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INDIANAPOLIS, Ind. – What we saw from the Indianapolis Colts’ 20-17 loss to the Houston Texans Thursday night at NRG Stadium.

Big loss: Just like that, the Colts find themselves in chaser’s mode in the AFC South. They fall to 6-5 with five to play, a game behind the 7-4 Texans. The Colts need to bounce back Dec. 1 at home against Tennessee. Houston stays home and braces for a Dec. 1 visit with New England.

For those keeping track at home, the remaining schedules: Colts (Titans, at Tampa Bay, at New Orleans, home vs. Carolina, at Jacksonville; Texans (Patriots, home vs. Denver, at Tennessee, at Tampa Bay, home vs. Tennessee).

If the Colts and Texans finished tied atop the AFC South, Houston seems to have the edge in a couple of pertinent tiebreakers: conference record and common opponents.

“We’re far from out of this thing,’’ Frank Reich said in his post-game presser. “There’s five games left. Our focus is: win the next one. That’s all that matters.’’

Big plays (not made): At the risk of coming down too hard on a player who missed the last three games with a calf injury, T.Y. Hilton was unable to convert two key third-down situations in the second half. On a third-and-4 late in the third quarter, he ran a quick out and failed to secure a Jacoby Brissett pass. It was hard to determine, even after replays, whether Vernon Hargreaves got his hand in to bother Hilton. On the Colts’ next possession, early in the fourth quarter, Hilton was covered man-to-man by Johnathan Joseph down the right side. Again, the ball flicked off Hilton’s hands. Joseph had tight coverage, but a team’s Pro Bowl wideout has to make both plays.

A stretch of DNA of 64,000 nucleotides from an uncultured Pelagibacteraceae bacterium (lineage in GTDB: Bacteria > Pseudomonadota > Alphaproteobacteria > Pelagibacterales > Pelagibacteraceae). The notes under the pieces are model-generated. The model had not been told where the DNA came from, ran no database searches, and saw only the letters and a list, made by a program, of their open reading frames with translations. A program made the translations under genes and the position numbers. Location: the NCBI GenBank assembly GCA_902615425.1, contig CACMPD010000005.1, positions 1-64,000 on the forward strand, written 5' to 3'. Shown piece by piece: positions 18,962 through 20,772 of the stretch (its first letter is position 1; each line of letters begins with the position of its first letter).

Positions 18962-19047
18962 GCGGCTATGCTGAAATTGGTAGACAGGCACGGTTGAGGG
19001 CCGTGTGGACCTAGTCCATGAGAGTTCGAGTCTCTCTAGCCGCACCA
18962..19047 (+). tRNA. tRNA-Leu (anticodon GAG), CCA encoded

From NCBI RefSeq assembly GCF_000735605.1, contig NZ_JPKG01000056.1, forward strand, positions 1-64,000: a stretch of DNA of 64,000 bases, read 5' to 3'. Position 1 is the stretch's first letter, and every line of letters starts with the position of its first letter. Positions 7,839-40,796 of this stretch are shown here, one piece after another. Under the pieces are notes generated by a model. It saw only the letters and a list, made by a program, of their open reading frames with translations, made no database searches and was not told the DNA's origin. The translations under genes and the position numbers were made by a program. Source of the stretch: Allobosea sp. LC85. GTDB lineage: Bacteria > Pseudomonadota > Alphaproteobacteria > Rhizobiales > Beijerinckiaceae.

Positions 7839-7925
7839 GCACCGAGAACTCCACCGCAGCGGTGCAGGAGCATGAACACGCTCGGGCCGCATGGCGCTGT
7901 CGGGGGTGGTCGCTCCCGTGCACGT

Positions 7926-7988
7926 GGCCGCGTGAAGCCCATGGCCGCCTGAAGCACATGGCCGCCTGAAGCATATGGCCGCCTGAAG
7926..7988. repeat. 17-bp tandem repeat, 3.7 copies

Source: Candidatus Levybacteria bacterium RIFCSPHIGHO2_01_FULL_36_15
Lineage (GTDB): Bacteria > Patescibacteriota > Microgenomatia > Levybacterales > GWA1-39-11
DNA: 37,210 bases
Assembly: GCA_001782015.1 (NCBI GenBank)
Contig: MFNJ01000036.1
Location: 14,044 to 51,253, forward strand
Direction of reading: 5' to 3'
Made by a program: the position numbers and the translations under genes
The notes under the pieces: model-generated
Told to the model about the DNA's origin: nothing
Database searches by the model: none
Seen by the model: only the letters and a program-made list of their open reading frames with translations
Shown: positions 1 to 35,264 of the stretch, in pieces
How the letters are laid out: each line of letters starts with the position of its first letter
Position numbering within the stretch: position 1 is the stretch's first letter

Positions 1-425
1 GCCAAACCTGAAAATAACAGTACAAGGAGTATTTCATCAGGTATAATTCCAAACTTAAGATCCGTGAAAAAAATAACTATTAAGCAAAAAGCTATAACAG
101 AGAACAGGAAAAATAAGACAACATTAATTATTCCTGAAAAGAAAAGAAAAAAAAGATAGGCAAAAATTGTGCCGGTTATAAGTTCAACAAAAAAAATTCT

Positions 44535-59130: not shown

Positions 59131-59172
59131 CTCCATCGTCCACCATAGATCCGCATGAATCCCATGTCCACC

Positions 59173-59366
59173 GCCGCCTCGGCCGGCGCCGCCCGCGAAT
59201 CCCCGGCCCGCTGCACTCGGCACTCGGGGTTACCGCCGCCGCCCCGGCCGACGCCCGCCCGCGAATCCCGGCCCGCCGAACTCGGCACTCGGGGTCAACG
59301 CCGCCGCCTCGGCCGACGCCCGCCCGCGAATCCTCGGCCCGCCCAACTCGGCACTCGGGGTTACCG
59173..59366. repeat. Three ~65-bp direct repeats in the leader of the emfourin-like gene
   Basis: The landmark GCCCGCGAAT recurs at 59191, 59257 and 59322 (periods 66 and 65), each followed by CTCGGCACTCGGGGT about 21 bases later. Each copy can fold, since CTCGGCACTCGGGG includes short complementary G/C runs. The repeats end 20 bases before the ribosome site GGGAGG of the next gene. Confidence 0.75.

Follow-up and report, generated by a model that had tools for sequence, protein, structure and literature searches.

“I let the team down,’’ Hilton said in the locker room. “Totally on me.’’

On the Colts’ final drive of the game, Reich naturally opted to go for it on fourth-and-7 at the Houston 47 with 3 minutes to play. Brissett avoided a sack and headed upfield, but was pulled down by Brennan Scarlett 1-yard short of the marker.

“I felt like everybody was covered at the time I made my decision to take off and run,’’ Brissett said. “They were playing a coverage where they were trying to force me to run. I thought I had a chance of getting it and the guy made a good play.

“I thought I had it. Then I got tackled. No excuses.’’

Brissett was in his second game back after spraining the MCL in his left knee at Pittsburgh, and wore a bulky brace on his knee.

“If he’s not wearing that knee brace, if he’s 100-100 percent, does he make that?” Reich asked. “He probably makes that if (the knee is) 100-100 percent.’’

Big play (not made, Part II): Reich took a conservative, run-heavy approach on offense even with Marlon Mack out with a fractured right hand. The Colts averaged a modest 4.6 yards per play. Nyheim Hines’ 19-yard run was the longest of the game. Brissett’s two 14-yard passes to Eric Ebron were his longest completions.

The offensive play-calling: 39 rushes (175 yards), 25 passes (121 net yards). The complete absence of chunk plays – gains of at least 20 yards – was telling. The Colts averaged just 4.6 yards per play. Brissett averaged 5.2 yards per attempt and 8.1 per completion.